The good news for Yellow Jacket fans is the fact that he was only a freshman last year. There have been plenty of tales of players who struggled in their first year on campus and eventually delivered on their potential down the road.

    That being said, for now Bolden is a shooter who thus far hasn’t been able to shoot. Georgia Tech is going to need more from him this year.

Maryland: Nick Faust

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    With no more Alex Len around campus at Maryland, Terrapin fans are looking at Nick Faust as a potential candidate to fill in the role of second scorer behind Dez Wells. The problem is, the on-court evidence doesn’t necessarily suggest that will be happening anytime soon.

    It’s not as if Faust is a bad player, but his flaws will stand out with a larger role in 2013-14. He turned it over 2.2 times a night (compared to only 2.5 assists per game) last year and wasn’t particularly effective from the field (he shot 40 percent compared to Wells’ 52.6 percent).

    The good news regarding Faust is that he is a solid defender who averaged a steal per game in 2012-13. If he can continue to provide solid defense, his offensive inconsistency won’t be as much of an issue.

Miami: Rion Brown

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    It will likely be a long fall from the top of the ACC standings for Miami this season, and Rion Brown’s flaws will be part of the reason why.

    He is athletic and versatile on paper, but Brown struggles to create his own shot and he isn’t a particularly strong ball-handler. He rarely creates for his teammates (less than one assist per night in 2012-13) and isn’t nearly a dynamic enough scorer for the amount of shots he takes.

    In fact, Brown shot 130 three-point attempts last year but only made 29 percent of them. Throw in the fact that he shot a measly 36.7 percent from the field, and there are serious questions about why Brown was shooting as much as he did.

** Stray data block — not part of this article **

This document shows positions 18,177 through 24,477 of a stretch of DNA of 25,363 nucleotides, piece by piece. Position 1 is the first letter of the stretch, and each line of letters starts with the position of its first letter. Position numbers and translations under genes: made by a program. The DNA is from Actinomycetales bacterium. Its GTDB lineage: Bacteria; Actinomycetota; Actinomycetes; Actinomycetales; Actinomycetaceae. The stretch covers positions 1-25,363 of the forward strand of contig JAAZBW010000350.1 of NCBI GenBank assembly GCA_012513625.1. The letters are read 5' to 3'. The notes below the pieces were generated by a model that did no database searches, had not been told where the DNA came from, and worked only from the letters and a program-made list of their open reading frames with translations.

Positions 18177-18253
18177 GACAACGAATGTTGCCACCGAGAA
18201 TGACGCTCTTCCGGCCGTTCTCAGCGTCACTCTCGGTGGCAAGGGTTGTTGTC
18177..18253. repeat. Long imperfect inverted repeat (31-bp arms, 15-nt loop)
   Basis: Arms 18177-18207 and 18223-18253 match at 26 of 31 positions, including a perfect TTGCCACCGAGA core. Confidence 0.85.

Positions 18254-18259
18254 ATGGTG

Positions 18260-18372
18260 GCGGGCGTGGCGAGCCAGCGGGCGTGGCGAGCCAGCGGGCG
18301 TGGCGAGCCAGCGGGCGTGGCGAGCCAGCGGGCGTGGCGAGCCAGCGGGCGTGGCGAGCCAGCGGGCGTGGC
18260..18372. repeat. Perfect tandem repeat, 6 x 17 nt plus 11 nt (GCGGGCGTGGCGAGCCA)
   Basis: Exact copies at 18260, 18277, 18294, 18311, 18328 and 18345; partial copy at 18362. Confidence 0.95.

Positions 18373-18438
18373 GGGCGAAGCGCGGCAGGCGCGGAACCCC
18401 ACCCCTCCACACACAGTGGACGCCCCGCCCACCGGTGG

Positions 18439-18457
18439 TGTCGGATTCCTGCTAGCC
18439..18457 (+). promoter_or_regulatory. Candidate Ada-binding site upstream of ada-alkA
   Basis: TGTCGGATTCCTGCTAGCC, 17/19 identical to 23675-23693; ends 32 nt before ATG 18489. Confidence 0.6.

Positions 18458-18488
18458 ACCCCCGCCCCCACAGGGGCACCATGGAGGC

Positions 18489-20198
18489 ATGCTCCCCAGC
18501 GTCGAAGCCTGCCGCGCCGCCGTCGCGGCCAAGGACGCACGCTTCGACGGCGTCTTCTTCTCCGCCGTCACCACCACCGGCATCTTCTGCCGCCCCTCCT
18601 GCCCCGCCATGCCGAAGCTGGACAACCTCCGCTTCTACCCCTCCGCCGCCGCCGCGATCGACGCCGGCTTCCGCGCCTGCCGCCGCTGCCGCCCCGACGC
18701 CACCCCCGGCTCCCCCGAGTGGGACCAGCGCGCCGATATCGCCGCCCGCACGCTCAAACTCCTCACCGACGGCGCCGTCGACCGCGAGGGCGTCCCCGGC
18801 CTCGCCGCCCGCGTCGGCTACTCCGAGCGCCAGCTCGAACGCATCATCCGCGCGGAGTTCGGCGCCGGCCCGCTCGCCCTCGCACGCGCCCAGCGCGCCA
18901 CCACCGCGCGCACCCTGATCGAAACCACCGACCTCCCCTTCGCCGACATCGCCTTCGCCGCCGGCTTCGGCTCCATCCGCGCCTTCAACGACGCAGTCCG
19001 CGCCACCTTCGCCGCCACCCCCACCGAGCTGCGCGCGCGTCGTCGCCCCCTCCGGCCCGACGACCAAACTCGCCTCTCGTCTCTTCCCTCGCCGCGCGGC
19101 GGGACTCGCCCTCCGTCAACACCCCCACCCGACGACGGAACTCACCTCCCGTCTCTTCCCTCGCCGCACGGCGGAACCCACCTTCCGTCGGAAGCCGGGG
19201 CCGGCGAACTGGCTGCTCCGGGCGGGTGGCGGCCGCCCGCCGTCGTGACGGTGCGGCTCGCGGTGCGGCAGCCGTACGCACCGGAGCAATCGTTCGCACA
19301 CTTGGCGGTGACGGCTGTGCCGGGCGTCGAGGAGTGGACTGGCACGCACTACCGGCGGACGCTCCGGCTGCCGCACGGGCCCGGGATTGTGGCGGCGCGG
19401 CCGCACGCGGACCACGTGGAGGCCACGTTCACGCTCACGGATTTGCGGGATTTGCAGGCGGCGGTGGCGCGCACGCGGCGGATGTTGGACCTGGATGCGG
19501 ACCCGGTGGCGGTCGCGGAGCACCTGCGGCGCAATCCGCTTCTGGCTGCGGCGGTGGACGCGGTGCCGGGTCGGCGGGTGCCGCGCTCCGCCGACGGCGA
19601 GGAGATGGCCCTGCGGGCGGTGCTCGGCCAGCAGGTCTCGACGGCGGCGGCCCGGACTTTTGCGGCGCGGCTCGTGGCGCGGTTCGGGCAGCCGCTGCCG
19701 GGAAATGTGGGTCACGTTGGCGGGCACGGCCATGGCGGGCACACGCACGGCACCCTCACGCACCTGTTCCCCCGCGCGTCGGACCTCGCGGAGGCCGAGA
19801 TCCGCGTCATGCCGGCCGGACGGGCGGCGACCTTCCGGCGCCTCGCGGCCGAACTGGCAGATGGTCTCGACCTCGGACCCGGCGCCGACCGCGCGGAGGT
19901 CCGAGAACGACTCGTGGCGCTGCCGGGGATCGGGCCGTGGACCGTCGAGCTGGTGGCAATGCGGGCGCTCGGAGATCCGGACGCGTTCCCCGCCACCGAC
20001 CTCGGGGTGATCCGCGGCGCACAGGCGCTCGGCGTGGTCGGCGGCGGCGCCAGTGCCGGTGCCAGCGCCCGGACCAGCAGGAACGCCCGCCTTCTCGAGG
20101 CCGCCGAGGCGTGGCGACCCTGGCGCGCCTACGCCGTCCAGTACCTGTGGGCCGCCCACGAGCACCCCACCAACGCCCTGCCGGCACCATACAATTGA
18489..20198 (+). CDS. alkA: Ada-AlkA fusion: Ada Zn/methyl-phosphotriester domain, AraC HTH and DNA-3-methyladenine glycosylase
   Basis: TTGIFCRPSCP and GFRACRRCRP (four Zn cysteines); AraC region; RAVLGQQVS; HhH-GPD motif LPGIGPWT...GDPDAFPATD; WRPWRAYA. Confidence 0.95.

The Hurricanes are going to need a serious spike in production from Brown this year given the roster turnover. It probably won’t happen, though.

North Carolina: James Michael McAdoo

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    There are some college players who show up to campus with incredible hype and are expected to become superstars right away. Oftentimes those players go on to have productive careers but never quite live up to the expectations.

    North Carolina’s James Michael McAdoo may be on a similar path.

    There is nothing wrong with the 14 points and seven rebounds a game that McAdoo posted in 2012-13, but there were some red flags. He turned it over nearly three times a night, which for a non-guard who doesn’t handle the ball frequently is absolutely dismal. He also only shot 44.5 percent from the field, which is far too low for someone who plays closer to the basket.

    Throw in his spotty free-throw shooting and occasional defensive lapses, and McAdoo has plenty of room for growth. Tar Heel fans are hoping he makes the leap they have been expecting in 2013-14.

North Carolina State: Tyler Lewis

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    If you knew North Carolina State’s roster by heart last year, you may have to dust off the old program again this season because it will be almost an entirely new team. Lorenzo Brown, C.J. Leslie, Richard Howell, Scott Wood, Rodney Purvis and Jay Lewis are no longer on campus, and there will likely be some growing pains in 2013-14.

    Tyler Lewis will be expected to take over a sizable portion of the ball-handling and point guard duties this year, and he may or may not be up for it. Last season he struggled mightily from the field (37.8 percent) and was even worse from downtown (29 percent).

    Granted, he only played 12.4 minutes a night, but you would like to see more than 1.4 assists per game out of a primary ball-handler. He was also prone to some defensive lapses at times.

    There are expectations in place for Lewis, but unless he improves on his flaws, it may be a long year in Raleigh.

Notre Dame: Jerian Grant

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    With Jack Cooley and Scott Martin on their way out, Notre Dame is going to need impressive production from Jerian Grant. While he is a good player, he may not have all the skills necessary to develop into a team leader on a squad that hopes to advance in the NCAA tournament.

    The thing about Grant is that he is solid in a number of areas but not particularly great at any one thing. He scored better than 13 points a night in 2012-13, but he struggled with efficiency with a 40.6 percent clip from the field and 34 percent mark from downtown.

    He racked up 5.5 assists a night last year but counterbalanced that with three turnovers a game. Those turnover numbers are entirely too high, and if he repeats that performance in the ACC this year, he will be in for a number of rough games.

    Grant has talent, but he needs to clean up a few areas before he is considered as good of a player as some think he is.

Pittsburgh: Lamar Patterson